The Summer Session Interview Series continues as the newest addition to the Seton Hall Men's coaching staff stops by. Former St Anthony's and SHU favorite Donald Copeland joins the podcast and talks about his return to South Orange, recruiting players in today's NCAA and much, much more.
The Summer Session Interview Series returns as we welcome Seton Hall University AD Bryan Felt back to the show! We talk about the success SHU sports experienced this past year, how the teams dealt with Covid-19, the SHU/Rutgers game and much, much more.
“One Step At A Time captures the story of brothers Kyle and Tom as they portaged canoes, over 200km and 20 days, in the Himalayan Mountains to raise money for KOSHISH Nepal. 100% of the money raised has gone directly to support KOSHISH Nepal in building a Women's mental health Transit Centre in Kathmandu, Nepal.”Learn all about this film and cause at https://www.theweightwecarry.com/ and/or go to their Facebook page at https://www.facebook.com/TheWeightWeCarry/Directed by younger brother, Seton Roberts, who also joins in the podcast conversation with Kyle Roberts & Tom Schellenberg to chat about their journey making this film. Playing at the SPORTS DOCUMENTARY Festival this upcoming Thursday all day for FREE. Go to the exclusive link HERE. Follow WILDsound Podcasts on all social media channels: @wildsoundpodSubmit to the festival anytime via FilmFreeway: https://filmfreeway.com/WILDsoundFilmandWritingFestivalSubscribe via Twitter: https://twitter.com/wildsoundfest
On this segment of Faith in Action, co-hosts Jim Ganley and Brigid Ayer are joined by Anita Siccardi EdD APRN FMGNA, Dean Emeritus Marian University and Patricia Partridge, Seton Healthcare Advocate to talk about Seton Parish Health & Wellness Ministry and its role in serving the community. For more information: https://www.setoncarmel.org/health-wellness/
Seton Hall's Kevin Willard sits in with the Coaches this week, as they throw around a variety of subjects that include how he got started, his coaching upbringing, and his solution to the way the NCAA pays players. The Coaches are loving the Wizards' pace, Tap shares his journey to the Knicks front office and a breakdown of the not-so-great 97 NBA Draft.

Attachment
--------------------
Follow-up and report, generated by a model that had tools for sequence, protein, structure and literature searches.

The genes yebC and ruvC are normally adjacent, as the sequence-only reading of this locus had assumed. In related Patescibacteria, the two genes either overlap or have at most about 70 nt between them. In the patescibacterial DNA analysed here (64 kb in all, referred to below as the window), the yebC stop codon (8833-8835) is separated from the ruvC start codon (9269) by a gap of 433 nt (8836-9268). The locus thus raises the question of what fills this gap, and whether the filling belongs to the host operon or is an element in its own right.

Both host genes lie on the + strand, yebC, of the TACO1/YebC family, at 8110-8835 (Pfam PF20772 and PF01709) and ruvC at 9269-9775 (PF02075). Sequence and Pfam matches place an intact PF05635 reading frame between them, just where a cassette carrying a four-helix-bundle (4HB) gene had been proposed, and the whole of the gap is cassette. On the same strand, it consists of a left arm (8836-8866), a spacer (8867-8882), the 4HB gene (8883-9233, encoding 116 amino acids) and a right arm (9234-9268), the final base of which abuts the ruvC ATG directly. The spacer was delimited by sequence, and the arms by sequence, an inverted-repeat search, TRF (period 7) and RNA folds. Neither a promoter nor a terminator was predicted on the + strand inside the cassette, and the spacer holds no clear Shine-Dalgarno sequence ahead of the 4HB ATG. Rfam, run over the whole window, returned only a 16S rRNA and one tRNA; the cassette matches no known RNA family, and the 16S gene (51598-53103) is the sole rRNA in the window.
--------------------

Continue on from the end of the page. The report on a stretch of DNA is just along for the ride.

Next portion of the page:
The Summer Session Interview Series Looks to the future and brings in a legit left coast Pirate!! Ribet Academy star and incoming freshmen Tyler Powell joins the podcast! We talk about his high school accomplishments, why he chose Seton Hall and much, much more!
The Summer Sessions Interview Series starts with our recruiting special and what better way to do that than to have The Front Office join the podcast! Pat Lawless and CJ Nobile join us to discuss the upcoming freshmen class, the transfers joining the team and much, much more!
To learn more about Scott Chesney '92: Website: www.scottchesney.comFacebook: https://www.facebook.com/scott.chesney.14/Twitter: https://twitter.com/scottchesneyInstagram: https://www.instagram.com/chesney12/YouTube: https://www.youtube.com/channel/UCNtWMQU2H9rOIY8FqDv8hxQLinkedIn: https://www.linkedin.com/in/scottchesney/Ride the Wave Documentary: www.watch.ridethewavemovie.comSeton Hall Alumni Engagement and Philanthropy Information: Join thousands of Pirates in demonstrating the strength of our one Seton Hall community on April 20-21. Visit www.shu.edu/givingday to make your gift and become an advocate. Follow us: @SetonHallAlumni Check out upcoming virtual engagement opportunities and past event recordings, including our event featuring Scott:www.shu.edu/HallHub
The season's over and we take a deep dive look into how the Seton Hall Pirates did! We put on our Blue Tinted Glasses to celebrate the successes and gripe about sour grapes! Also, we take a special look back at the "interesting" ways some media members pronounced Sandro's name!
The Seton Hall Pirates season came to an abrupt end this week! We review their performance in the Big East Tournament, analyze Sandro Mamukelashvili's tri-Big East Player of the Year award and much more!
The Seton Hall Pirates had another rough week, going 0-2 and closed out the Big East Regular season on the wrong foot. We recap the losses to UConn and @ St John's and take a look at their chances in the upcoming Big East Tournament! Also, former Pirate Levell Sanders comes back on the podcast and we talk about his new position as HC of the Binghamton Bearcats!
The season for the Seton Hall Pirates comes down to the final week! We go Behind Enemy Lines with Hartford Courant sports writer Dom Amore to get the scoop on the UConn Huskies! We also preview the season finale against St. John's!